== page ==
The headline caught attention, as headlines are meant to, and the Twitter-verse exploded with condemnation of these comments. Even within the absurdism of Sri Lankan politics, these comments seemed completely sensational. A closer analysis of the entire speech by many commentators revealed the aforementioned headline and subheading to be a gross mischaracterisation of Premadasa’s speech and even a downright fabrication. 

A Right of Reply appeared the very next day on the front page of the same newspaper which noted that the mention of a dictatorship was an unambiguous reference to Lord Hailsham’s Elective Dictatorship: “drawing parallels to the present state of Sri Lanka’s Parliament which appears solely accountable to the President and not to the wider electorate that voted for their representatives. The reference to Margaret Thatcher’s ‘Iron Lady’ persona was a comparison to the SLPP’s unilateral, insular and non-consultative mode of Government that has led this country to the brink of economic destruction and social chaos.”

The publishing of the Right of Reply suggests that the original headline was being challenged and that said challenge has been noted. However, considering that the headline was a complete mischaracterisation, the newspaper in question should have issued a retraction. Given the seriousness of the comments that were originally published and the manner of the subheading, an apology should also have been forthcoming.

Attention deficits

There are very clearly-drawn political narratives in the local media at present. One concerns the failure of the Government and its policies, which is largely accurate and backed by ample data points and the other is the weakness and ineffectiveness of the main Opposition, the SJB. The data for this narrative is significantly less substantive. The ‘weakness’ of the Opposition should be a given, considering the majority that the SLPP enjoys in Parliament. In terms of being ineffective, the evidence comes from the renewed organisation and vigour in establishing mass scale protests amongst the working classes, farmers and peasantry by the National People’s Power (NPP), led by the Janatha Vimukthi Peramuna (JVP).

It also comes from the fact that the SJB has not made any definitive political unions with other parties including minority parties and that several senior SJB MPs might be jostling for position. This narrative establishes another; that of the unsuitability of the current Opposition Leader to challenge the Rajapaksa establishment in any meaningful way.

Another important aspect to note in the mainstream media’s control of the narrative is its insistence on sustaining the legitimacy of the United National Party (UNP) and former Prime Minister Ranil Wickremesinghe. Numerous media channels seem to report on virtually every comment made by the former PM, no matter how banal or inconsequential. It seems that Wickremesinghe is still well-served by the media despite being relegated to irrelevance by the voting public.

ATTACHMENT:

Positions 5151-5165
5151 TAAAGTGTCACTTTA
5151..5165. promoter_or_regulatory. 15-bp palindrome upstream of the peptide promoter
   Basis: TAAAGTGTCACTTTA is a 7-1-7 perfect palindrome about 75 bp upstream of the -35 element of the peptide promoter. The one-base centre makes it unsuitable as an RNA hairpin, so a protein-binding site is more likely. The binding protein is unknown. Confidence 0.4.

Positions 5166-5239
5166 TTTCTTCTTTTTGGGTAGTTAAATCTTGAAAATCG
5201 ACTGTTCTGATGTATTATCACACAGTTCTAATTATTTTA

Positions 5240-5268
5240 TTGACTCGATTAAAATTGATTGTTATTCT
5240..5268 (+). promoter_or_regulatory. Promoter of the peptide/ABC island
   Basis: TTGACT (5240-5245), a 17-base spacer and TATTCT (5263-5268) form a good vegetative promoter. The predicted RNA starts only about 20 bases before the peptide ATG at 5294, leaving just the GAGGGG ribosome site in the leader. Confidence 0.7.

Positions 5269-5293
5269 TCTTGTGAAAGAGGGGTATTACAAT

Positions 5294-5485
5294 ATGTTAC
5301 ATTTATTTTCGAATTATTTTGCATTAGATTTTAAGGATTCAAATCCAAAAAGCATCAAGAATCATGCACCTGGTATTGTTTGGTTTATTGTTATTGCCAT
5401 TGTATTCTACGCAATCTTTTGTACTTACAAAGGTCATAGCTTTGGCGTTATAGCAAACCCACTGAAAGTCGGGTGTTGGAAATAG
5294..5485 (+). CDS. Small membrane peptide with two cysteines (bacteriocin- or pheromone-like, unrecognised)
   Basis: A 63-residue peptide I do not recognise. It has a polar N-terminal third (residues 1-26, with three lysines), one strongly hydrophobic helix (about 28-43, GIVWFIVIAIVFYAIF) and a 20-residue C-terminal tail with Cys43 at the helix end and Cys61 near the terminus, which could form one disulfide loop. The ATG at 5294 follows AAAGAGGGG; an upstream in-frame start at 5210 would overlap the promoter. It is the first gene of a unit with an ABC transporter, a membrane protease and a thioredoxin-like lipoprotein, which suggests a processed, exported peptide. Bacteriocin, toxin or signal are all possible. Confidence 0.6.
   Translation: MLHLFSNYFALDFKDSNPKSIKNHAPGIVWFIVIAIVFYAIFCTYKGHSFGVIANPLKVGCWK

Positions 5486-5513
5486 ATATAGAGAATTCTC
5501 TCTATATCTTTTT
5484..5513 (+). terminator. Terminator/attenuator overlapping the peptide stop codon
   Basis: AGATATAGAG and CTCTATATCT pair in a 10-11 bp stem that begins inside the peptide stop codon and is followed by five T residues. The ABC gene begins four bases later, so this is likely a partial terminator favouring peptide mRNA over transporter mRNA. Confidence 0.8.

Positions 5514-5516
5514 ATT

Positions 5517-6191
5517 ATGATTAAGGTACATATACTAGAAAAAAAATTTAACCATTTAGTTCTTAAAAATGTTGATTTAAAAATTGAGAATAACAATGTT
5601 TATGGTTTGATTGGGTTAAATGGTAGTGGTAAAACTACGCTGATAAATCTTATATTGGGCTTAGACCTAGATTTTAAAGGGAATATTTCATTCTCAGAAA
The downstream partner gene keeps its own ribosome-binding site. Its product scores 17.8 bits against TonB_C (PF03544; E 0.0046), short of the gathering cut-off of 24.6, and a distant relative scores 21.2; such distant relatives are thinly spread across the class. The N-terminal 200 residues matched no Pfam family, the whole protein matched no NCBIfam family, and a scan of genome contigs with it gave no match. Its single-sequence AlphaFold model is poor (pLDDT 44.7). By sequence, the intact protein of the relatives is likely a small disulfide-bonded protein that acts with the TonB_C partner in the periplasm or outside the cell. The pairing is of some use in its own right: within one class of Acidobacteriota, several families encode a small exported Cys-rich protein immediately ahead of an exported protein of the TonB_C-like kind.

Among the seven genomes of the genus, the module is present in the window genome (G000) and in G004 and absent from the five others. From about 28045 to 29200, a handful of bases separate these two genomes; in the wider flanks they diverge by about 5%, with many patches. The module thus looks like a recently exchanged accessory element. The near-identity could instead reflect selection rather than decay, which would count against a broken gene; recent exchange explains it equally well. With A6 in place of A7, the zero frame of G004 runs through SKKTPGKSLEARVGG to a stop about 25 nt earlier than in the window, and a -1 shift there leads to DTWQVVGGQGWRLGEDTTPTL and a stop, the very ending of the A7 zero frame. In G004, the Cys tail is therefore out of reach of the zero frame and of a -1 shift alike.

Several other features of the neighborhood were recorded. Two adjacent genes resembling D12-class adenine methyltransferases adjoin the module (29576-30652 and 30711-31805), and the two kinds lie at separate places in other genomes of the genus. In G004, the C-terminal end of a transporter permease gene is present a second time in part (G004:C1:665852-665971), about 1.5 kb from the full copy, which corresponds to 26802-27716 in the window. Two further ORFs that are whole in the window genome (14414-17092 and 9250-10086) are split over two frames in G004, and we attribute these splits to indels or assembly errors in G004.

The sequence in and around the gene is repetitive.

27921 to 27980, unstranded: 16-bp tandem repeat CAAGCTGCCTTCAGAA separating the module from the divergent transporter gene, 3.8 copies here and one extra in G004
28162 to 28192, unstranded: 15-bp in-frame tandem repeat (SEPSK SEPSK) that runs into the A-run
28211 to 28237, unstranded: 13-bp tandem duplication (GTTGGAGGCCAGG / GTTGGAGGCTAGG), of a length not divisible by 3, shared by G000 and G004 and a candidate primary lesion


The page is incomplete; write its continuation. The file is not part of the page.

Likewise, the media obsession with every Anura Kumara Dissanayake (AKD) speech and its consistent elevation of NPP surrogates outweighs the electoral relevance of the JVP. If one accepts that the JVP’s promotion as a pretender to the oppositional throne was necessary given the alleged lethargy of the main Opposition, at the very least the basis of this promotion must be clear. There are no American style opinion polls in Sri Lanka. There was a belief that the NPP manifesto would finally justify the media tilt towards the NPP.  Yet this too was defined by a lack of originality, very much a repeat of previous iterations of this movement, full of lofty ambition but low on actual policy proposals. 

Writing in a national newspaper, Uditha Devapriya notes MP Udaya Gammanpila’s recent, nonsensical five-point plan which was substance free: “accepting there is an issue, identifying it, understanding it, revealing the truth to the people, and leading by example by making sacrifices”. A statement such as this barely deserves reportage, but was widely disseminated throughout the press. On the other hand, a long, thoughtful and substantive speech by the Opposition Leader who leads a party with over 50 seats, was corrupted and dismembered without even the courtesy of an official retraction.

Rewriting the present

In the meantime, the President and Prime Minister staged their version of a MAGA rally in Anuradhapura, perhaps part of a longer campaign that will take the party through to an election. The President’s speech indicated his own perspective: that despite challenges, his promises have been kept. Bizarrely, the President specifically mentioned the provision of fertiliser a guaranteed price. This statement alone is worthy of challenge, it might well be completely manufactured; the media cannot report such comments from a neutral perspective.

Tharindu Uduwaragedara, a journalist attached to Satahan Radio (available on YouTube), attempted to at least make a substantive critique of the SJB and Sajith Premadasa pointing to comments by Tissa Attanayake regarding Premadasa’s inevitable candidacy from the SJB as well as comments by other MPs that they are working towards supporting a Premadasa candidacy. This is interpreted by Uduwaragedara as signalling an inherently undemocratic culture at the SJB, similar to that which still exists in the UNP. He explicitly raises the question as to how the SJB might differ from the failed UNP of Ranil Wickremesinghe and asks whether the SJB is merely a political vehicle for the personal political ambitions of another Premadasa.